Valentine’s Day is this week and you know what that means: time to buy more gifts! If you’re like me, you’ve probably just gotten all your Christmas goodies put away, now it’s time to be creative again and put those shopping skills to the test. Shopping for Valentine’s Day can be a little trickier than Christmas shopping, but fear not; the following is a list of suggestions help you come up with some great gift ideas for your significant other (starting with most expensive to least):

Gifts for Her:

1) Jewelry: I hate to play the stereotype, but guys, women love jewelry. It’s pretty, it’s sparkly, and it shows that you’re invested in your relationship. This gift is popular among couples who have been together for a while, but there’s no set rule on giving the jewels! And jewelry doesn’t have to break the bank in order to have a lasting impact. You can get legit jewelry for fairly cheap, and if you’re going to make the investment, real gold/silver is the way to go.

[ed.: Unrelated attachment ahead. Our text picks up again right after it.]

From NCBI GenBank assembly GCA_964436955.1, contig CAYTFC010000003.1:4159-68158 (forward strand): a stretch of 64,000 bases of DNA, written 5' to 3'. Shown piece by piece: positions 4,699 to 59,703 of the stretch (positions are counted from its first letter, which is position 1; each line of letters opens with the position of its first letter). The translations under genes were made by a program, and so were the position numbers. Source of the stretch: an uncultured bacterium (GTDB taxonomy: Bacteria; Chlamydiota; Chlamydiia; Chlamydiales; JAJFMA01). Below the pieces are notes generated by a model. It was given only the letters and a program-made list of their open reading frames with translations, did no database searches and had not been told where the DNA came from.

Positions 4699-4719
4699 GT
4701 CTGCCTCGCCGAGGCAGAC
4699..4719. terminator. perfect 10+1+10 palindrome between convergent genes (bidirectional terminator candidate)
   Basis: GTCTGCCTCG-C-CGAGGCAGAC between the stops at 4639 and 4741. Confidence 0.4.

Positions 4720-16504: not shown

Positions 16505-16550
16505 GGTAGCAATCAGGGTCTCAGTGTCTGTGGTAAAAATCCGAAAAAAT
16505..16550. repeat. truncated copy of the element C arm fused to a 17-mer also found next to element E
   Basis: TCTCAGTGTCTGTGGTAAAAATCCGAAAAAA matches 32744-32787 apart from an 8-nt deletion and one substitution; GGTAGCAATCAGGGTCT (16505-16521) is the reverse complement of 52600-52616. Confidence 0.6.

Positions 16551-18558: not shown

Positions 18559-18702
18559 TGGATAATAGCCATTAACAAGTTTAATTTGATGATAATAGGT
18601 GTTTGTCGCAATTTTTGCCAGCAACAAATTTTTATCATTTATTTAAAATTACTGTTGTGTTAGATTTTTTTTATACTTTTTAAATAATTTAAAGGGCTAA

2) Couples activity: Caution: not for beginners! This suggestion works best for couples who know each other well. Has your girlfriend been nagging you about taking her to the ballet? An art show? Cheesy chick flick? Whatever it is, now is the time to do it. Show her you’ve been listening and can at least feign interest in something she likes. Original/sentimental gifts always resonate more than something store-bought. Just sayin’.

3) Dinner out/meal in: This is a no brainer. Every year, most of the restaurants in the city become a haven for besotted couples out for a nice meal. And there’s certainly nothing wrong with having a nice dinner out to celebrate your relationship. If it’s within your budget, and you’re able to get into your favorite restaurant, a nice meal is always appreciated. If you’re on a budget, consider cooking a meal for your date. It’s cheaper, (probably) healthier, more intimate, and most women love a man who can cook!